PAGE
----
“It's linked to overtraining, and is made worse by people training through it”.

    So PEIS is a real concern for anyone training hard, although there’s no need to suddenly wrap yourself in cotton wool to avoid it either – too far that way and you’ll only create a new set of problems.

    “Stop training at the first hint of a sniffle and you’ll never reach your potential,” says triathlon coach Joe Beer. 

    “You’re not doing triathlon if you don’t like a bit of discomfort – it’s about pushing yourself and seeing what you’re made of.”

    How do you tread the line between training hard and avoiding post exercise immunosuppression?

    First realise not all illness is caused by PEIS. Three colds a year is normal, and this can go up or down slightly for all of us in any given year regardless of what we do.

    But if a pattern is developing where you’re consistently more ill than people around you or colds and bugs take forever to shake off, PEIS could be at work.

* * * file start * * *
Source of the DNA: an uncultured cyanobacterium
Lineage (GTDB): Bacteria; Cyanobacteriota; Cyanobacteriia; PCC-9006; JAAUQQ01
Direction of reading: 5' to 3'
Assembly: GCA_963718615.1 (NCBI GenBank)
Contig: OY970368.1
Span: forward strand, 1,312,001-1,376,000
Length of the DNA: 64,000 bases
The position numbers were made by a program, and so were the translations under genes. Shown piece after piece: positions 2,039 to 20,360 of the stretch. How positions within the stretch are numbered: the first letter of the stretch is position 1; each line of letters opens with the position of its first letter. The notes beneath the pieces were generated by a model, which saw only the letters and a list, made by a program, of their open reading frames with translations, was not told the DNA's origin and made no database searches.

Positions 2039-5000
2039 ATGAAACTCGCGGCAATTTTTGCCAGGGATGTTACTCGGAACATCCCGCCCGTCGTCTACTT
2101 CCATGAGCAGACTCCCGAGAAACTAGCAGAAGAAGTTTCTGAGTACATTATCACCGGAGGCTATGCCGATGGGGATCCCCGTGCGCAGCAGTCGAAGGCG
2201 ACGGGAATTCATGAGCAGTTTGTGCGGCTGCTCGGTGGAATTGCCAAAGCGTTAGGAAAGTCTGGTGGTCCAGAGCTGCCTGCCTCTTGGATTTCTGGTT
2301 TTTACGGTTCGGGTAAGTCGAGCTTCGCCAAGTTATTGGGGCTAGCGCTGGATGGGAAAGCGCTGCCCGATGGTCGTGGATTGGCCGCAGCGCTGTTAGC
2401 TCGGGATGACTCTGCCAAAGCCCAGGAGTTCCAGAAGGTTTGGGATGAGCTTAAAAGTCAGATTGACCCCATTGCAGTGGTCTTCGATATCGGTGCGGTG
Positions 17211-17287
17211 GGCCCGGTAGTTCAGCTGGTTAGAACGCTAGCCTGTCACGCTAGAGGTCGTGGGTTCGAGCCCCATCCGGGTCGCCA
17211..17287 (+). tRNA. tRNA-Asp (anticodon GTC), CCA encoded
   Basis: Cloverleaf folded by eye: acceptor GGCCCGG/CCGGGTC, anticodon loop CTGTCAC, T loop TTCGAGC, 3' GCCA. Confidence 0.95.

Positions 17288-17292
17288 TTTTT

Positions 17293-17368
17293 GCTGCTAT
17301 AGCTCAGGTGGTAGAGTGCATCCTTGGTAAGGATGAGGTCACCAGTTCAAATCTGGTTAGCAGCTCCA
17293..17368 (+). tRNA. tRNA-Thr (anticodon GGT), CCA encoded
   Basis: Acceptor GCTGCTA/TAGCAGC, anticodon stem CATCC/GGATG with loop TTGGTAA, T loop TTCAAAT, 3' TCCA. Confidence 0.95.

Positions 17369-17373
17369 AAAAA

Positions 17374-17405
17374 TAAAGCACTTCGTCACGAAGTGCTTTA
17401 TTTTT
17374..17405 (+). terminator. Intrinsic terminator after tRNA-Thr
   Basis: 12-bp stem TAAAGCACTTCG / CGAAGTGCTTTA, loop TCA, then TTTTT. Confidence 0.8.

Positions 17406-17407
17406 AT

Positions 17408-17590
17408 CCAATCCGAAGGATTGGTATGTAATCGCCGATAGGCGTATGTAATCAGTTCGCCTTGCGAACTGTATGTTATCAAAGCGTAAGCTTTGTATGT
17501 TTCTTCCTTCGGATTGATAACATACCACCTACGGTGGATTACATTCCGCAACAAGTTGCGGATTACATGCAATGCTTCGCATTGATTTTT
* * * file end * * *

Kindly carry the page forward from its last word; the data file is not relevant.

Don’t think it can’t affect you because you’re not an elite athlete either. Age groupers and amateurs are often at more risk than pros.

    While some experts sniff at the idea of anyone around the seven-hours-per-week training mark being able to overdo it, that’s because they’re looking at it from a pro perspective. Seven hours training in a week is nothing to a top athlete regularly clocking 30-plus. 

    The difference is amateurs fit training and racing around already packed lives – full time job, kids to look after, and no coach to monitor it all for them.

    “Elites have it easier,” says Beer. “They can overdo it and then take a couple of rest days. But age groupers can’t. Many think a rest day means simply not training. It’s not. A recovery day at pro level is doing absolutely nothing. Lying on the sofa all day, maybe having a massage. That’s a real rest day and they’re hard to come by when you have a job and a family”.

    Nutrition and post exercise immunosuppression

    The biggest solution for PEIS is the simplest: nutrition.